“The Beggars And The Christians” sets out as a call to task of both TV evangelists (Jim Baker- you need this tune on your mp3 player, buddy) and the fools who help build their fortunes, then bleeds into a personal confessional that’s far more divine than anything happening in the halls of the money changers: “In the church where the preacher wore white/When the skies and your eyes were grey/We strung ourselves too tight/We rung our bells away/I’m drawin’ from the deepest well, and waitin’ for my Southern belle/And I can tell, I can tell...” Salad’s voice finds a higher plane here, as well, stretching towards those grey skies as he implores/demands the appearance of his “Southern belle,” and once again we’re left with a ringing in our ears and a thirst for more; perfect, since all the characters in his songs are apparently suffering the same fate.
The whistling-through-the-graveyard ditty “Dreaming On The Edge” is lyrically more Nick Cave than Nick Drake, musically more recent Wilco than Velvet Underground, bouncing along over a carefree rhythm section as Salad intones: “I can be your mother/I can be your friend/Wear a mask made of teeth/Made of skin/See my eyes/They’re downcast/I speak my lines/The way a beggar asks/And all my life/I never did look back...” Suddenly, George Harrisson-esque slide guitar wends its way softly through the song, weeping and wah-wah’ing along with a fading chorus of “uh huh huh/uh huh huh...” This song is a perfect example of why the band describes their sound as filled with “dread and wonder.” Picture-perfect pop music, never quite satisfied with itself, but self-assured enough to turn its back and walk away when its piece is said.
“Father Lied” rings out like a recent Vic Chesnutt track; grand, heavenly Southwestern horn sounds blasting from the keys, choppy, giddy drum beats, and sizzling cymbals driving the song like a runaway street car, racing towards its conclusion with an almost palpable urgency. “Moving Up The Valley,” the album closer, bounces along with a happy gait, offset by dirge-ish axe-licks droning behind swishing keys and jumpy beats as Salad cries: “If tonight’s the last/Just before we crash/We can’t just wait for it to pass/Because I’m never coming back...” A trippy, yet fitting, end to a record filled with perfect hooks, deep lyrics, dark intentions, lust-clouded observations, and odes to love in an age when love is hidden deeper underground than real pop music is.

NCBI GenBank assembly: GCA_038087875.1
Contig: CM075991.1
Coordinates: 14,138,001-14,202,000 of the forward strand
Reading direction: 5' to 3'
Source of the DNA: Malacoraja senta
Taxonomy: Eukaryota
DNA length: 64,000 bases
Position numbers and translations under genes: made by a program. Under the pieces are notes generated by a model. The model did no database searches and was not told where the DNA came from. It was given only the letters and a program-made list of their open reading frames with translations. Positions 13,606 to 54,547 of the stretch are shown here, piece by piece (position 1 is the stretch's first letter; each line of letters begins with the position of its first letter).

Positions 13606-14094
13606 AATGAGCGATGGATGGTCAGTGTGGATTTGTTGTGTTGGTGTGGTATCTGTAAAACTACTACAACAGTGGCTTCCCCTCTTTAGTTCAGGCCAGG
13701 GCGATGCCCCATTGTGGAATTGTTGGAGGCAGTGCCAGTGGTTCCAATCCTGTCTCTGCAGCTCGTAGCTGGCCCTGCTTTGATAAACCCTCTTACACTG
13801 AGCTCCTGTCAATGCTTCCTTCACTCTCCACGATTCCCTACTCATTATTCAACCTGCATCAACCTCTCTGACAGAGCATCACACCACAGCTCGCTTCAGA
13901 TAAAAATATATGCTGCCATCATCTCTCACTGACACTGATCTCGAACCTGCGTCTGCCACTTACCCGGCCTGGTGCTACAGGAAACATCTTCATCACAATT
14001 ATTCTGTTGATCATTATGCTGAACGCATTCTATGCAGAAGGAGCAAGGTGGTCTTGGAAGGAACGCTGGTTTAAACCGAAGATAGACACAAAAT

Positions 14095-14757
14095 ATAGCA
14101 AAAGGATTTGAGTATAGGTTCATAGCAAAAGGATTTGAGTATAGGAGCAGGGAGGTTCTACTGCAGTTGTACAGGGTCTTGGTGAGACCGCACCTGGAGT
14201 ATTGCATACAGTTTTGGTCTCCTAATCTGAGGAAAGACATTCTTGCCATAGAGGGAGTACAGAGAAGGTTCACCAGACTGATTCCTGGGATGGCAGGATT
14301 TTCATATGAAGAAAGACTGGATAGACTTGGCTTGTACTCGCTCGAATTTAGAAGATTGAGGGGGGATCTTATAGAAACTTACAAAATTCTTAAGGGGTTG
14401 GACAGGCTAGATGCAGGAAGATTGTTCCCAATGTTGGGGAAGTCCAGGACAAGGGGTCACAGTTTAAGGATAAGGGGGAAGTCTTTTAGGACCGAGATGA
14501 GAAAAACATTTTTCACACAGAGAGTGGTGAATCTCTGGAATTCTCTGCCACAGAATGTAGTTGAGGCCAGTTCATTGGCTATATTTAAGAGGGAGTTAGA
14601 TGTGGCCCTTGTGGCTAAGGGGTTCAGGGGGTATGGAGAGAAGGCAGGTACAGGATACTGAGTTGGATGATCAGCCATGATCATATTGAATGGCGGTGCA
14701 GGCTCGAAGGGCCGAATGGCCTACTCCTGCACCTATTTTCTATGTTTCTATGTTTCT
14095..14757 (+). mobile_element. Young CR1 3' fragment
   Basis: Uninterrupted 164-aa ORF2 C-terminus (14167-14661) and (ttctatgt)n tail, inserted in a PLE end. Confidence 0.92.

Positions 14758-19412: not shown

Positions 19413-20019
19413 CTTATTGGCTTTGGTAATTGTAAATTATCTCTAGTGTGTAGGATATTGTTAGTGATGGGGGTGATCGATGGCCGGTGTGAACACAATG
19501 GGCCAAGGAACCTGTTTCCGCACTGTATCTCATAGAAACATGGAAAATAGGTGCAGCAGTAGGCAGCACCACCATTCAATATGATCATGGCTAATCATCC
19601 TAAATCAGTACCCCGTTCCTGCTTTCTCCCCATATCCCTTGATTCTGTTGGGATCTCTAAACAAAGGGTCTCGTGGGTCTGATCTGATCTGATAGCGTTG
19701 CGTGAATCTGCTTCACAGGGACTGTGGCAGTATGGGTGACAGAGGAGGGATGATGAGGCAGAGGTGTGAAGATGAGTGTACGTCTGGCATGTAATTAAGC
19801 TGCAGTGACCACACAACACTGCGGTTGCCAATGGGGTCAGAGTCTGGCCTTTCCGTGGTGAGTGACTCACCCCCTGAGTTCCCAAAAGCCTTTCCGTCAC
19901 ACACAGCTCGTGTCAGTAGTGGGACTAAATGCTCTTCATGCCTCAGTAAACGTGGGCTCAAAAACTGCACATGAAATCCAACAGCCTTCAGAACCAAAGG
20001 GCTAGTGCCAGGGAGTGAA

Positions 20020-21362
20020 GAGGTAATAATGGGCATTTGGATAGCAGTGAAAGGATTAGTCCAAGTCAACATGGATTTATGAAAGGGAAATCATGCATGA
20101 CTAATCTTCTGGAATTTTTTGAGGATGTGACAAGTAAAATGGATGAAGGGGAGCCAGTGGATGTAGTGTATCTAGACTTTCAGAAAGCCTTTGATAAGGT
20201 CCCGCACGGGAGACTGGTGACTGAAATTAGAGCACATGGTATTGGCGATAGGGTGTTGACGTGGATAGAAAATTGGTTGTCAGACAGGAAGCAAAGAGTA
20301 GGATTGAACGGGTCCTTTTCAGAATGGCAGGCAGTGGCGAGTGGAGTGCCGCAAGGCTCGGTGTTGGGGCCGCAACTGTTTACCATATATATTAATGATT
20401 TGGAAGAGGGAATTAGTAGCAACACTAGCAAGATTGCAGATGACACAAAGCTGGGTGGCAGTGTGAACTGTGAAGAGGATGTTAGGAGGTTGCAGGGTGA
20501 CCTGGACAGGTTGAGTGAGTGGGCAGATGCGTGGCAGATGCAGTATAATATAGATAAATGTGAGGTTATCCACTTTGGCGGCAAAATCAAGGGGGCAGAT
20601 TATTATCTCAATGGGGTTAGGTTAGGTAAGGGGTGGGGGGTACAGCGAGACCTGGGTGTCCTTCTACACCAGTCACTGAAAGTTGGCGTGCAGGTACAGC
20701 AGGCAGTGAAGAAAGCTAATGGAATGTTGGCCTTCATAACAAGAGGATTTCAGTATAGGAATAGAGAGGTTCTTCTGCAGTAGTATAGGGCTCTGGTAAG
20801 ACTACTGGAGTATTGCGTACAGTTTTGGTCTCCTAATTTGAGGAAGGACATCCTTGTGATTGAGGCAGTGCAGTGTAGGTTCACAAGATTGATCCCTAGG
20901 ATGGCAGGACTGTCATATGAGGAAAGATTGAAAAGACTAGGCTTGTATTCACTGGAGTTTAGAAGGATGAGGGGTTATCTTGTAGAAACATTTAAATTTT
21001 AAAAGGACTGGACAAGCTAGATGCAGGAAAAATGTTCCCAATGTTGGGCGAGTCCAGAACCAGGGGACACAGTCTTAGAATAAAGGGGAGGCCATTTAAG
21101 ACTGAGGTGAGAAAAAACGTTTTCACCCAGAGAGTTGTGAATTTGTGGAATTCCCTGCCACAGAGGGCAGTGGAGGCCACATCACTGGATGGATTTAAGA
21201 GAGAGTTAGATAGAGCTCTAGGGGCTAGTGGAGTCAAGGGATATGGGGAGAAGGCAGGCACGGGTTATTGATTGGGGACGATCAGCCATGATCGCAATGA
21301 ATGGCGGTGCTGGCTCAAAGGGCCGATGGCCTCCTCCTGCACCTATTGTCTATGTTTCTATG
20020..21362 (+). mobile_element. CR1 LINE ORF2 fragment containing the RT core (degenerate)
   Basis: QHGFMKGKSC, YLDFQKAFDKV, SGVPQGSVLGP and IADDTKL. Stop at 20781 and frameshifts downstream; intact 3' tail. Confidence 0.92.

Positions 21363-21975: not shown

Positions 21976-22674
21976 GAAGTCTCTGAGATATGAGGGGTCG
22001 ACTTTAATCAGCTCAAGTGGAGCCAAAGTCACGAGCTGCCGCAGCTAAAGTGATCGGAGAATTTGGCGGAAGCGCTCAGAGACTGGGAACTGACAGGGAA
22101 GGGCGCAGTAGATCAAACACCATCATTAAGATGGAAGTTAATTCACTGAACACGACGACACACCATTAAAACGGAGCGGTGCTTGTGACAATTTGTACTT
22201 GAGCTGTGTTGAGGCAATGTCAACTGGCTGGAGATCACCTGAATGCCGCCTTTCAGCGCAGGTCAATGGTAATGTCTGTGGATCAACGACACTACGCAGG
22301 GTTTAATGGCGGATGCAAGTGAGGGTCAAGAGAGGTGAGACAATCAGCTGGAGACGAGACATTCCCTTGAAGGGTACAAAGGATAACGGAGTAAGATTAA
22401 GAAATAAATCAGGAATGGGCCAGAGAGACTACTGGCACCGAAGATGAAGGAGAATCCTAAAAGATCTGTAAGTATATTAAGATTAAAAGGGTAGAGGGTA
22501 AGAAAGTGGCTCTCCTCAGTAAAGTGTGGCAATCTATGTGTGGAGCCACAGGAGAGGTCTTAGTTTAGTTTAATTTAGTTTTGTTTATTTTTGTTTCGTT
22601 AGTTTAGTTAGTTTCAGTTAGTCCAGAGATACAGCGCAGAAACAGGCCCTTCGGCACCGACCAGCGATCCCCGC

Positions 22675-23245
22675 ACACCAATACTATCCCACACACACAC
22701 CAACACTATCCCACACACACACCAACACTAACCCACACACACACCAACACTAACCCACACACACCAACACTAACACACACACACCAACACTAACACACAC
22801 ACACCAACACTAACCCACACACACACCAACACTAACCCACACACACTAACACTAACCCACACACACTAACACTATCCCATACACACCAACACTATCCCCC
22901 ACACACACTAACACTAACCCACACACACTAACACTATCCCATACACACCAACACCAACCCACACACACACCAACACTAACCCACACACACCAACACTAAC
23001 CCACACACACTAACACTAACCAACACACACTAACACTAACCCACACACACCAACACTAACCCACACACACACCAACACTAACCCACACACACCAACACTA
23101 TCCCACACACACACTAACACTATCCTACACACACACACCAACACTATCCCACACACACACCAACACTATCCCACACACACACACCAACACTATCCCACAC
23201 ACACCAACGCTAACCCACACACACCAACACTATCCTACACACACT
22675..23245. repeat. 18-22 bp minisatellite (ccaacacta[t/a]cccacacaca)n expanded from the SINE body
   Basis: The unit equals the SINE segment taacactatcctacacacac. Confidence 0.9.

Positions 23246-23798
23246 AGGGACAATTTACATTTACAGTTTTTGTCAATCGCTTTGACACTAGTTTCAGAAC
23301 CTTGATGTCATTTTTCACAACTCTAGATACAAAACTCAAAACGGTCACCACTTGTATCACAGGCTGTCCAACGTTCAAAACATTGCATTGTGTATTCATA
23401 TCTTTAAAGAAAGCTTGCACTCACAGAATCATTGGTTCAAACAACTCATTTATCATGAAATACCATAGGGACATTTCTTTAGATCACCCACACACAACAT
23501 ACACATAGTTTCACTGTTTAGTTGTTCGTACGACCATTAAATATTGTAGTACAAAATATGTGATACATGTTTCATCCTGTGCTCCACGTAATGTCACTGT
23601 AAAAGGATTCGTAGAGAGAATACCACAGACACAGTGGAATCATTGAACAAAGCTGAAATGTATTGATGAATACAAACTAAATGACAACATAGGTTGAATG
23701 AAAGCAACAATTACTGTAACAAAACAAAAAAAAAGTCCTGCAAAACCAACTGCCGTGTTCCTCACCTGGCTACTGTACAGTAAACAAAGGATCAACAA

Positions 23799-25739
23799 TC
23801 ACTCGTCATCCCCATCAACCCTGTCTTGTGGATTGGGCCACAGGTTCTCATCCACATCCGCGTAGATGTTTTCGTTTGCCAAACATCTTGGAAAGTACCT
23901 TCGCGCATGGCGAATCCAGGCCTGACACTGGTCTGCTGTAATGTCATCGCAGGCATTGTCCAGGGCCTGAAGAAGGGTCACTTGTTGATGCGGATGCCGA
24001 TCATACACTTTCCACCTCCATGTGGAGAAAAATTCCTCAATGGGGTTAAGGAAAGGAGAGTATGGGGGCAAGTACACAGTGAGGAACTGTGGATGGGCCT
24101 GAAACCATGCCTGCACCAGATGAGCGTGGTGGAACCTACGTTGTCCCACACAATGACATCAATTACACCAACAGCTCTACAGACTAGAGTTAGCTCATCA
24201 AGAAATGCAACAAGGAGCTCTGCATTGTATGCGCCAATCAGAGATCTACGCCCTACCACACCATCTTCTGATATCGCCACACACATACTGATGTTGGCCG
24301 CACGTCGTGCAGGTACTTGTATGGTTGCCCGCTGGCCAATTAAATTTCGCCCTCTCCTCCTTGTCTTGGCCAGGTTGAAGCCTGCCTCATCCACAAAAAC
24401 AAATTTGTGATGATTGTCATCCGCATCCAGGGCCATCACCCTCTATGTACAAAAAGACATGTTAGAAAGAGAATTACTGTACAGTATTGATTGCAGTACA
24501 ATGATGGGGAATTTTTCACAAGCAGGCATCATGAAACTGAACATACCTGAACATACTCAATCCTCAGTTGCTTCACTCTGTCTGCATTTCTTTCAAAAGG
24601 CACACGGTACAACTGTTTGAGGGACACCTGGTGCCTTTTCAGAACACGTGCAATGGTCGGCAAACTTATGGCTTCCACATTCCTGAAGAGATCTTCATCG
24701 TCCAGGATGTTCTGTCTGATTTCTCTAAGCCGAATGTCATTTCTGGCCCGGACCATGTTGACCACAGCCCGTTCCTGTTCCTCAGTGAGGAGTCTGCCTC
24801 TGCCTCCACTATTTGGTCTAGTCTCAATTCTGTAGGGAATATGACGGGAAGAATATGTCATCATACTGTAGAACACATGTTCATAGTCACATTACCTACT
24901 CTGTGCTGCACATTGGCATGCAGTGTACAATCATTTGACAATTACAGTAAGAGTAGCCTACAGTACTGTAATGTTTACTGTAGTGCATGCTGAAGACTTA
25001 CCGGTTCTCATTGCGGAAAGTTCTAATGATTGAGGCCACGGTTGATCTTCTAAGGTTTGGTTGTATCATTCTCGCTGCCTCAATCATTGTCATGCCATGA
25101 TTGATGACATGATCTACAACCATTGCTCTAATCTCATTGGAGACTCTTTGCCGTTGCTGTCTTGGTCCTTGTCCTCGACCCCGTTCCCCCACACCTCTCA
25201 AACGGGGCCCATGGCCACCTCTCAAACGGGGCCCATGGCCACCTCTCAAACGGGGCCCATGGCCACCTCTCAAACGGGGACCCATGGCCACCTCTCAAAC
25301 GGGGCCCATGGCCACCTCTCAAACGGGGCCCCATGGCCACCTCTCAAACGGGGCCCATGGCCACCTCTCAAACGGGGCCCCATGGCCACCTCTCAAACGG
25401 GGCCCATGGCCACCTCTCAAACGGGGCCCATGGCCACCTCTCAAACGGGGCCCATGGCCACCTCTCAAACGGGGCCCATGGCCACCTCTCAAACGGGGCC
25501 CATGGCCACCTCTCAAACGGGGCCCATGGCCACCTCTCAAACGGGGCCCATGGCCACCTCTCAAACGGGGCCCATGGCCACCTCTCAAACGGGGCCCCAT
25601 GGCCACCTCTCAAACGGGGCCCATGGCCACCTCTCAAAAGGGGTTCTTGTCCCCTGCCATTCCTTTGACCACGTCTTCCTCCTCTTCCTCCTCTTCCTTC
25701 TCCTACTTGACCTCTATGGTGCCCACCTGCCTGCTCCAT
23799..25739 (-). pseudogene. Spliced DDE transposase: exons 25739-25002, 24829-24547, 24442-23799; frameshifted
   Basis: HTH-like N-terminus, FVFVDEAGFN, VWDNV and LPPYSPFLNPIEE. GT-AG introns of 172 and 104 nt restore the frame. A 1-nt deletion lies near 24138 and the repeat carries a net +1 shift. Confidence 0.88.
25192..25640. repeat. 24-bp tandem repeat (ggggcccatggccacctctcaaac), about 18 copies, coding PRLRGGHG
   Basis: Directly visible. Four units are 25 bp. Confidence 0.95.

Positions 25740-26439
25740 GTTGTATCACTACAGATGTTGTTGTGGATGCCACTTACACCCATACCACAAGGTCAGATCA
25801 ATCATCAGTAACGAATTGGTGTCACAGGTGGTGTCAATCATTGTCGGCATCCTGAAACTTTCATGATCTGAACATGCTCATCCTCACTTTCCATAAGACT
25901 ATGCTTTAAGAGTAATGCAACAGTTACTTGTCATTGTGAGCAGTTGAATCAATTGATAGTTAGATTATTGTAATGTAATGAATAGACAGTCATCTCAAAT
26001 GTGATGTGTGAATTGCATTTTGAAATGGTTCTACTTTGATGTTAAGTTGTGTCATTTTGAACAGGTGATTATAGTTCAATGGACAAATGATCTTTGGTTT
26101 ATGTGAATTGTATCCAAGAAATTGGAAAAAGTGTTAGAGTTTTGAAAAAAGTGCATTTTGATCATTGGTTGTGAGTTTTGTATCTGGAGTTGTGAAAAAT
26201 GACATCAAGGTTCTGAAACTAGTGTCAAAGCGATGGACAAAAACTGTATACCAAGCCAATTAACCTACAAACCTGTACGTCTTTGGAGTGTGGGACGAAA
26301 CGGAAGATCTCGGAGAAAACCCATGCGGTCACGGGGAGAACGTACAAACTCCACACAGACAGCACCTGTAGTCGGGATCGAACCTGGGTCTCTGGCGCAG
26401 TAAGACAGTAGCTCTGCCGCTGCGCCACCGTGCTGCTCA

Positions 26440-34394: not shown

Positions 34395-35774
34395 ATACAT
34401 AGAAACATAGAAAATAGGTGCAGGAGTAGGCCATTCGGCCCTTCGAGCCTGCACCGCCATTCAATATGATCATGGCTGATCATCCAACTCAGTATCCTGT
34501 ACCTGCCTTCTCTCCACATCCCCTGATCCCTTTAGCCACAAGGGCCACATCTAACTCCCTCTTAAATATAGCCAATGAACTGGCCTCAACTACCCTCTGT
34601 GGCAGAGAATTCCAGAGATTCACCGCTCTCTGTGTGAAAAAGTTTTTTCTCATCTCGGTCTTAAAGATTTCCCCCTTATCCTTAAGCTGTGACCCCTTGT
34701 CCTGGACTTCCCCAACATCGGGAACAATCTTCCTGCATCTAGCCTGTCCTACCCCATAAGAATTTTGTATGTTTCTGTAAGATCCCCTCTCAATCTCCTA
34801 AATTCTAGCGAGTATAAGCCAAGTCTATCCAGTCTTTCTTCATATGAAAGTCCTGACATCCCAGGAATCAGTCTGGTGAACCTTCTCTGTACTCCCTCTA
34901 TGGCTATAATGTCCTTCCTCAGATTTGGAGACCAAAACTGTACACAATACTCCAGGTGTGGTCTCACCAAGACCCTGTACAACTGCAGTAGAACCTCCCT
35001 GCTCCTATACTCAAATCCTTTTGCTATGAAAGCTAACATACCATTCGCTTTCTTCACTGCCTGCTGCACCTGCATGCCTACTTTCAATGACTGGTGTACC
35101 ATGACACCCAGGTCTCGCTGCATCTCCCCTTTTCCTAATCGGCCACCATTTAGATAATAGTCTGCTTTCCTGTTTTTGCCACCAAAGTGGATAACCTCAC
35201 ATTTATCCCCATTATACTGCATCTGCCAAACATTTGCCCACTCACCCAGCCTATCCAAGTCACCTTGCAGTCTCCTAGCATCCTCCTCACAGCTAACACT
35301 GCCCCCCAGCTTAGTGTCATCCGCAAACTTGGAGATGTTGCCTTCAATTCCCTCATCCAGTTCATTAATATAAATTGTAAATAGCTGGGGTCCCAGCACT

Every greedy record company exec in the country should be tied to their padded swivel chairs, gagged, and forced to listen to KOF for 72 hours straight, or until they realize what fools they’d be to not sign ‘em to at least a three album deal. Yeah, that’s what we need, less fundamental terrorism, and more (nonviolent, of course) corporate terrorism in the name of art. After all, they’ve been terrorizing us for thirty years now with acts like Bobby Goldsboro, Vanity Fare, Whitney Houston, Kenny G. and Paula Abdul. It’s time for POP RETRIBUTION, baby. Let’s force ‘em to hear just as many good albums as they’ve forced us to listen to bad ones. Let’s cover their logos with beautiful paintings and carve timeless statues from their cold granite edifices. Let’s make ‘em watch concerts in a small, dark bar. Let’s put a face on the numbers we’ve become...